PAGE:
9. Sen, Anindya, 2001. "An Empirical Test of the Offset Hypothesis," Journal of Law and Economics, University of Chicago Press, vol. 44(2), pages 481-510, October.
    10. Johansson-Stenman, Olof, 2008. "Mad cows, terrorism and junk food: Should public policy reflect perceived or objective risks?," Journal of Health Economics, Elsevier, vol. 27(2), pages 234-248, March.
    11. Vereeck, Lode & Vrolix, Klara, 2007. "The social willingness to comply with the law: The effect of social attitudes on traffic fatalities," International Review of Law and Economics, Elsevier, vol. 27(4), pages 385-408, December.
    12. Antonio Nicita & Simona Benedettini, 2012. "The Costs of Avoiding Accidents.Selective Compliance and the 'Peltzman Effect' in Italy," Department of Economics University of Siena 631, Department of Economics, University of Siena.
    13. Paul J. Gertler & Manisha Shah, 2011. "Sex Work and Infection: What's Law Enforcement Got to Do with It?," Journal of Law and Economics, University of Chicago Press, vol. 54(4), pages 811-840.
    14. McCannon, Bryan C., 2009. "Do less-violent technologies result in less violence? A theoretical investigation applied to the use of tasers by law enforcement," Economics Discussion Papers 2009-36, Kiel Institute for the World Economy (IfW).
    15. repec:dau:papers:123456789/7310 is not listed on IDEAS
    16. Olof Johansson-Stenman & Peter Martinsson, 2005. "Anyone for higher speed limits? – Self-interested and adaptive political preferences," Public Choice, Springer, vol. 122(3), pages 319-331, March.
    17. Cummins, J David & Phillips, Richard D & Weiss, Mary A, 2001. "The Incentive Effects of No-Fault Automobile Insurance," Journal of Law and Economics, University of Chicago Press, vol. 44(2), pages 427-464, October.
    18. Thomas S. Dee & William N. Evans, 2001. "Teens and Traffic Safety," NBER Chapters, in: Risky Behavior among Youths: An Economic Analysis, pages 121-166, National Bureau of Economic Research, Inc.
    19. repec:ipf:psejou:v:42:y:2018:i:42:p:45-65 is not listed on IDEAS
    20. Patrick S. McCarthy, 1991. "HIGHWAY SAFETY AND THE 65‐mph SPEED LIMIT," Contemporary Economic Policy, Western Economic Association International, vol. 9(4), pages 82-92, October.
    21. Anderson, D. Mark & Sandholt, Sina, 2016. "Booster Seats and Traffic Fatalities among Children," IZA Discussion Papers 10071, Institute of Labor Economics (IZA).
    22. Castillo-Manzano, José I. & Castro-Nuño, Mercedes & Pedregal-Tercero, Diego J., 2014. "Temporary speed limit changes: An econometric estimation of the effects of the Spanish Energy Efficiency and Saving Plan," Economic Modelling, Elsevier, vol. 44(S1), pages 68-76.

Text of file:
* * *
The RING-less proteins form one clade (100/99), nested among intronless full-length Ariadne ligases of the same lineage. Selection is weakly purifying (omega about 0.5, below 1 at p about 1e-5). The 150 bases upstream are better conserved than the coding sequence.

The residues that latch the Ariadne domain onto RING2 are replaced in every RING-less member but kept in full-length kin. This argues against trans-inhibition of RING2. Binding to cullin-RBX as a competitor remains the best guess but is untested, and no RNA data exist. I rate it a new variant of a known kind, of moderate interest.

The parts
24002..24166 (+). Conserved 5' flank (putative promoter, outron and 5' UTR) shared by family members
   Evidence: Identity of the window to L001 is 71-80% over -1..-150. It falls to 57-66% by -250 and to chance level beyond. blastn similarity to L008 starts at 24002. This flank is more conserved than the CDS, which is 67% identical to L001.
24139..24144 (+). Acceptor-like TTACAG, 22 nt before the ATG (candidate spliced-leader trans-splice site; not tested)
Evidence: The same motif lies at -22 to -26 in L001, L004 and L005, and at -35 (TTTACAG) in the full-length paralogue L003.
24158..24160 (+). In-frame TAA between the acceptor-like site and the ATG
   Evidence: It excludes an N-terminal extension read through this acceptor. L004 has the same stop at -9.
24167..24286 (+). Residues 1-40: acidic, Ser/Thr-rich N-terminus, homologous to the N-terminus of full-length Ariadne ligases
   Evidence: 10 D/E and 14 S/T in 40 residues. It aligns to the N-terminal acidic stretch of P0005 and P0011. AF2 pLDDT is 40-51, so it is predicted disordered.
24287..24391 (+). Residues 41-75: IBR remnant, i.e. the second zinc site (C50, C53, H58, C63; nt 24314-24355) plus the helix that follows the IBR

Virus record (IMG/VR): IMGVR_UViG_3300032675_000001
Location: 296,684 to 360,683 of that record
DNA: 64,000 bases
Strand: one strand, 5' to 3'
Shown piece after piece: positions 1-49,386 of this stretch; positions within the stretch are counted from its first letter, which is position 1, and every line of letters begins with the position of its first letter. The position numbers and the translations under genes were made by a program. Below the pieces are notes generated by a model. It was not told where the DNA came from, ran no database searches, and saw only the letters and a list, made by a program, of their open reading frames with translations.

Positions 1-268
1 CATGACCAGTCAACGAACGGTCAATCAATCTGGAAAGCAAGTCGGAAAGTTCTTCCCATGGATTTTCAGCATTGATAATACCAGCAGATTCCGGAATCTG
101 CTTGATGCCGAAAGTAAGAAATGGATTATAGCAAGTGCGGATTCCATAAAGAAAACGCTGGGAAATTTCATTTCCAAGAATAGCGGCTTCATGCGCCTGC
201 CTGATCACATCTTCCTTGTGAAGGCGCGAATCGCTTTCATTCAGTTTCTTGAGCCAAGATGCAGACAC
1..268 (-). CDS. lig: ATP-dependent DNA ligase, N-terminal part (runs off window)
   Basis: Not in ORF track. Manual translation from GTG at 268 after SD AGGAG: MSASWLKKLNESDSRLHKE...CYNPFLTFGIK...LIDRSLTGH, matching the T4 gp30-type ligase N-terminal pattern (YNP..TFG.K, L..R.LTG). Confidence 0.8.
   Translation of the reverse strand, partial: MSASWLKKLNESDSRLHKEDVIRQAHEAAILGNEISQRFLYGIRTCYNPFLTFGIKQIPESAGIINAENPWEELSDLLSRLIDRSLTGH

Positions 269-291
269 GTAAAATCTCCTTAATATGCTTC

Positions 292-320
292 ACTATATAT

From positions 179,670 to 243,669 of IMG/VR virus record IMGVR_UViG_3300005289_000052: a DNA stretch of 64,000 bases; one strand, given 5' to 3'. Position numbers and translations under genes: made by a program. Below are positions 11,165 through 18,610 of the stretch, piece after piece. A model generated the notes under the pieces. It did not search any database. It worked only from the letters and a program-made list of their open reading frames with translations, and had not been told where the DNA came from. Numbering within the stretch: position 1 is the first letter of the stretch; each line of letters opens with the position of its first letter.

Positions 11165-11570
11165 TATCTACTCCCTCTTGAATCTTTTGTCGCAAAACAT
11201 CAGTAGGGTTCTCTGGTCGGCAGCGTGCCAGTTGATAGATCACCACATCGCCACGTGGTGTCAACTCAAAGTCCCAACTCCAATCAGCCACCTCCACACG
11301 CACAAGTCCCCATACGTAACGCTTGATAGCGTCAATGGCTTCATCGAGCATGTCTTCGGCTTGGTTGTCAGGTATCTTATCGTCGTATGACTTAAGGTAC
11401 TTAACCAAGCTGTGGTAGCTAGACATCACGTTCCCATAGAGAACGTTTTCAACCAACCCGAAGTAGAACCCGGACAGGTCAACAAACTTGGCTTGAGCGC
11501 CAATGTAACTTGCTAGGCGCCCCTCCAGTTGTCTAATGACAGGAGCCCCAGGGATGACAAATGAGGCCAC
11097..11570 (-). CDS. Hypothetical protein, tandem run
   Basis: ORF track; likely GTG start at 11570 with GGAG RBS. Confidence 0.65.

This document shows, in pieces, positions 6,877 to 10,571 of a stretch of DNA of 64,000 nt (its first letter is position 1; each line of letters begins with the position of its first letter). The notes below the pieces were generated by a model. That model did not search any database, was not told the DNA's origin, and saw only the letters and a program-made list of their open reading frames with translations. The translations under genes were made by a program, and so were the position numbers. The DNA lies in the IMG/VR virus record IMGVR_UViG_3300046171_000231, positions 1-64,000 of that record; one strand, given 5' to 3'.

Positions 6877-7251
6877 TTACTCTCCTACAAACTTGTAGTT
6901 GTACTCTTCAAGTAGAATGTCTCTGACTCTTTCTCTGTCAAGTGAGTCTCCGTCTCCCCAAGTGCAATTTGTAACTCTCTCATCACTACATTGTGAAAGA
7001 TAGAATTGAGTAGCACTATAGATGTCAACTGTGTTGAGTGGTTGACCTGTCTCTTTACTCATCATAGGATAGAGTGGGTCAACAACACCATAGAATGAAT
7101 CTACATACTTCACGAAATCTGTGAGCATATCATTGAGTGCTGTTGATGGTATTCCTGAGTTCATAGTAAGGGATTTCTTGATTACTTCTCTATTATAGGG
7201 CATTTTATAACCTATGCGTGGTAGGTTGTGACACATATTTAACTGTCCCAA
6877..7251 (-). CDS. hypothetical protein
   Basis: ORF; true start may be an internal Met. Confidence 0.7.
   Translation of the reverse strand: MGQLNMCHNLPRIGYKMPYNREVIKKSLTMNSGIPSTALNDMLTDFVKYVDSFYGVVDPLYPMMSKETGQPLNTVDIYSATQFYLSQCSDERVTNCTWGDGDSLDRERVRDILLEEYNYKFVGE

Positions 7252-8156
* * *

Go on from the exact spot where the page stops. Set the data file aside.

More about this item

    Statistics

    Access and download statistics

    Corrections

    All material on this site has been provided by the respective publishers and authors. You can help correct errors and omissions. When requesting a correction, please mention this item's handle: RePEc:eee:regeco:v:29:y:1999:i:2:p:231-244. See general information about how to correct material in RePEc.

    For technical questions regarding this item, or to correct its authors, title, abstract, bibliographic or download information, contact: . General contact details of provider: http://www.elsevier.com/locate/regec .

    If you have authored this item and are not yet registered with RePEc, we encourage you to do it here. This allows to link your profile to this item. It also allows you to accept potential citations to this item that we are uncertain about.

    If CitEc recognized a bibliographic reference but did not link an item in RePEc to it, you can help with this form .

    If you know of missing items citing this one, you can help us creating those links by adding the relevant references in the same way as above, for each refering item. If you are a registered author of this item, you may also want to check the "citations" tab in your RePEc Author Service profile, as there may be some citations waiting for confirmation.

    For technical questions regarding this item, or to correct its authors, title, abstract, bibliographic or download information, contact: Catherine Liu (email available below). General contact details of provider: http://www.elsevier.com/locate/regec .

    Please note that corrections may take a couple of weeks to filter through the various RePEc services.

    IDEAS is a RePEc service hosted by the Research Division of the Federal Reserve Bank of St. Louis . RePEc uses bibliographic data supplied by the respective publishers.